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Folks, here's the story.

I introduced my self yesterday under "Big Pirate" heading. My brother and I, bought a beautiful Albin Ballad 30'.

My brother has hardly ever been on a boat. Needless to say, it was my idea. It's a dream come through and despite all the hurdles I am and will enjoy it (Sailor talk :) in a storm).

Here's the story, I am in Canada working for the boat's expenses. Initially, I went down and closed the transaction, checked the boat out and 48 hours later hopped on the plane back home. My neighbors at the live aboard marina, offered to finish some of the works. Great folks but clinically unreliable. I still love the folks but wouldn't go hunting with them (I don't hunt :) ).

We decided with my brother to pay a skipper, basically paying all expenses including flight meals car rental cell phone etc ... for the experience. Now, the gentleman is not a professional but has a 24 footer and apparently has sailed across oceans! We also did his wife a favor, she wanted him out (nice guys, heh). His brother is a great friend of mine and I took his word. The fellow was very excited and flew down a couple days before my brother showed up. 24 hours later we get this message, "can not do it". Blaming it on so much work to be done, the boat etc ...

Not knowing the boat, one would say; He might have a point and maybe we've invited the fellow on a compromised boat. Well not true, but still I went back and called the surveyor that passed the boat with flying colors, called the rigger that went over the boat and gave us a positive opinion except he wanted to rake the mast aft (which we didn't ignore but preferred to take the boat out once and see for ourselves how it behaves). Everyone re-iterated the same findings; The boat is as good as it can be. There are no problems with its integrity whatsoever. Brand new diesel Westerbeke 20Hp with 40 hours, all filters changed, the bottom scraped by a diver, the fuel tank vacuumed and flushed then refilled, brand new batteries, the main sail serviced with a healthy report card, and of course some more can be done, but which boat does not?

To make this a bit shorter, the "skipper" chickened out (period).

That does not bother me a bit, good thing his nerves gave ashore and not when the Gods are mad at sea. I'd hate to hold his hand there.
However, we're in a jam. My brother along with a friend/hired hand can not bring the boat back. They have ten days to do it and no hope in sight unless we haul the boat out and truck it (I'll stop here).

Anyone out there willing to help?

Honestly after all said and done, I am not willing to pay someone $350 a day for the job. If I had the time, I'd do it, but to discover people and pay for that is a bit too steep for me now.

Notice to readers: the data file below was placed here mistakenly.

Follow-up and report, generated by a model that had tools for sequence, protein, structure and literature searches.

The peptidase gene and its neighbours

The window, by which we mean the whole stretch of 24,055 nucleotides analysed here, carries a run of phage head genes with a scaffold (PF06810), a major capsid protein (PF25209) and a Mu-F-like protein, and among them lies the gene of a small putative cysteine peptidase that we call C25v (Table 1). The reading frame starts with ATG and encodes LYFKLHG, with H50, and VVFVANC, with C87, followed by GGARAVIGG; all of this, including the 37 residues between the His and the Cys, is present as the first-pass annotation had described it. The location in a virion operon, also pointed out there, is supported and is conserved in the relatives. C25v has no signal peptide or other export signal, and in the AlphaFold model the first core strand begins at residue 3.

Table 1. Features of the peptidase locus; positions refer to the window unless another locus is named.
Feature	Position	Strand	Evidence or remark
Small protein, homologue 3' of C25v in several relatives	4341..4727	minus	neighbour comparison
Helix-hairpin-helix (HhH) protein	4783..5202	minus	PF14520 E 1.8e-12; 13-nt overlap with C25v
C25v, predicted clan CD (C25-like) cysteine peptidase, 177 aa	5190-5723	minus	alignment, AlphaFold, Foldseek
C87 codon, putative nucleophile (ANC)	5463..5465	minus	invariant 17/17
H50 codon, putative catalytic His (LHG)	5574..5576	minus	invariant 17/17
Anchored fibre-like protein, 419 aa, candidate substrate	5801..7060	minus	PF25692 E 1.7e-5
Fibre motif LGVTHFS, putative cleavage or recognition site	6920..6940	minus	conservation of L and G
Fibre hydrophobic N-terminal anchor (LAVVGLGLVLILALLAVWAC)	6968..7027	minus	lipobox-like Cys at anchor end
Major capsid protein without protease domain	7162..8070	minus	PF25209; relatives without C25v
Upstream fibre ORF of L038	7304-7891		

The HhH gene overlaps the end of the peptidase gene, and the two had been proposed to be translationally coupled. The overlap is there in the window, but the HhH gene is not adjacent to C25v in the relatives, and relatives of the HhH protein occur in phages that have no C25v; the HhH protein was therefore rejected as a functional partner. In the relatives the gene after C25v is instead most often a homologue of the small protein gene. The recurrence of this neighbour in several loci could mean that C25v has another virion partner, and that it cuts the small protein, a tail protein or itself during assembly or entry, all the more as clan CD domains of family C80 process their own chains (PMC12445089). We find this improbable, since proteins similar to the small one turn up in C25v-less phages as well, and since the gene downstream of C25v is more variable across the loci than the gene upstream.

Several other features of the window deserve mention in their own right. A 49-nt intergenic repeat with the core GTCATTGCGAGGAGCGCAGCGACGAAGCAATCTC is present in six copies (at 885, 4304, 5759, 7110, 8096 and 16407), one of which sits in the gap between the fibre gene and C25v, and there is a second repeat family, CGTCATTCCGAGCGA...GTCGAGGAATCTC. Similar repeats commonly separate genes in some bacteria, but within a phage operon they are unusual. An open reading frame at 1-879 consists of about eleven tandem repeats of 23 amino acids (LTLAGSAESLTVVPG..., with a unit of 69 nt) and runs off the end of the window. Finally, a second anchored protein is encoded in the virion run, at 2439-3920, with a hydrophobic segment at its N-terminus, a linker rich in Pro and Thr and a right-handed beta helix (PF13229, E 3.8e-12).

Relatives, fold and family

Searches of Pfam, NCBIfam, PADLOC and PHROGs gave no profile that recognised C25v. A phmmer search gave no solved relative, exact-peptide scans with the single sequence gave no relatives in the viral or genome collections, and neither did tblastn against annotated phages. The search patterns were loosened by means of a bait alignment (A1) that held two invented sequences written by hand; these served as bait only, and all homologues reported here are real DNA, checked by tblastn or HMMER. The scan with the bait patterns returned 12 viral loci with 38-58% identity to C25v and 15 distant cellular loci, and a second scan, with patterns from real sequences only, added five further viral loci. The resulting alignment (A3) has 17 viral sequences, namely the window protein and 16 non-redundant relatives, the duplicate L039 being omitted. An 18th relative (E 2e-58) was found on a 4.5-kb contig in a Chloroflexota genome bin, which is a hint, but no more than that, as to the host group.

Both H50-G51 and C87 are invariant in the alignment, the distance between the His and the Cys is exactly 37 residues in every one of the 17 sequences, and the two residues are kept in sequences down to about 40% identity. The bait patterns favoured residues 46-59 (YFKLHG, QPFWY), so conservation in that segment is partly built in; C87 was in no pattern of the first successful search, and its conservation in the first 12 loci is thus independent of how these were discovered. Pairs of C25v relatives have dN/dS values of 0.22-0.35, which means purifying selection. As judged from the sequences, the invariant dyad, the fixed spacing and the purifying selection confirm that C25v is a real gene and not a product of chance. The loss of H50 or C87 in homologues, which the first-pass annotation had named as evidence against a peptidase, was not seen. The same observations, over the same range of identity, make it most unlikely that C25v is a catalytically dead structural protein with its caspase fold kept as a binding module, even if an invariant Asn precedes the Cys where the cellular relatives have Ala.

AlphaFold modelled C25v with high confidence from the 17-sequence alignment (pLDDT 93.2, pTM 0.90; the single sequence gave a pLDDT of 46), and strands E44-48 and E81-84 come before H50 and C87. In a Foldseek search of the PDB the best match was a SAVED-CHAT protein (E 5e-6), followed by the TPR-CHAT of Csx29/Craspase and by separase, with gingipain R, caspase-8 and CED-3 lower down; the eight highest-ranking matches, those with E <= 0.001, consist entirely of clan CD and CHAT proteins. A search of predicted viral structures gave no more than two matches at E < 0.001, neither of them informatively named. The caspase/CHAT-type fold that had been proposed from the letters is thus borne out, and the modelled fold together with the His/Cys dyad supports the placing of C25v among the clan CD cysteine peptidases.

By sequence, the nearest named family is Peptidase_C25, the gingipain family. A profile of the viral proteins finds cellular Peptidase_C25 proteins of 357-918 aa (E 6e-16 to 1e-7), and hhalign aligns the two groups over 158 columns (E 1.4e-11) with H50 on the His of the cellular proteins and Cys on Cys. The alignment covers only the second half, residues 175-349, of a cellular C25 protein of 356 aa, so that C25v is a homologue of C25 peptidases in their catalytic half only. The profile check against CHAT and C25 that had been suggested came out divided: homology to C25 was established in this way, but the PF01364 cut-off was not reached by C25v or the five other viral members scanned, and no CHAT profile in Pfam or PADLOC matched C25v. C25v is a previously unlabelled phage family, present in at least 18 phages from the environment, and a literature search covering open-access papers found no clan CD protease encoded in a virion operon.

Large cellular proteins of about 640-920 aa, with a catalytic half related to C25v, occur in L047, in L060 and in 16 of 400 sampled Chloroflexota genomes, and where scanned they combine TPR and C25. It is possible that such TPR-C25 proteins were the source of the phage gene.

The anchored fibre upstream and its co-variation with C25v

So please, if anyone has a constructive suggestion be my guest and pitch in an idea or many. They have to be humorous and funny (just kidding. I meant practical and cheap :) ). They have to be different and the gentleman that chickened out already will not be considered. So, M********..e if you are reading this don't even try. I love you from a distance. Let's not meet :) .
Others, can inquire, offer or ...

Cheers, Edgard
 

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Edgard--

That entire trip can be made on the inside if one has the patience. Up the Caloosahatchie River to Lake Ochiechobee--across the Lake--and then down the St. Lucie Canal to the ICW thence north. The only sailing would be across the Lake and perhaps some of the stretchs up the ICW with an unfurled jib. Frankly, with a few days of training it's likely that your brother and a pal could do the trip without too much difficulty as long as you plan the routes beforehand and make arrangements with the marina's along the route. It might be a little boring--I always find motoring in the ICW crushingly boring after a few hours--but it's not that difficult. Just sign up for a towing assistence plan with someone like SeaTow or better, join BoatUS with the unlimited towing plan (about $120 USD) which will entitle you to towing assistance when they go aground (they will) and get you discounts at various marinas and fuel docks along the way. Preplanning the legs and stops is the key (figure 50+/- miles per day). AN check with the Corp. of Engineers to ensure the locks on the cross-florida route will be working when you need them.

FWIW...

s/v HyLyte
 

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Edgard,Hope you enjoyed your baptism under fire enroute to Charleston.That was some weather we had off the coast of Florida.She took care of us well. Sorry you couldn't make the final leg of the delivery. Drop me an e-mail and let me know how things are going, Scott
 
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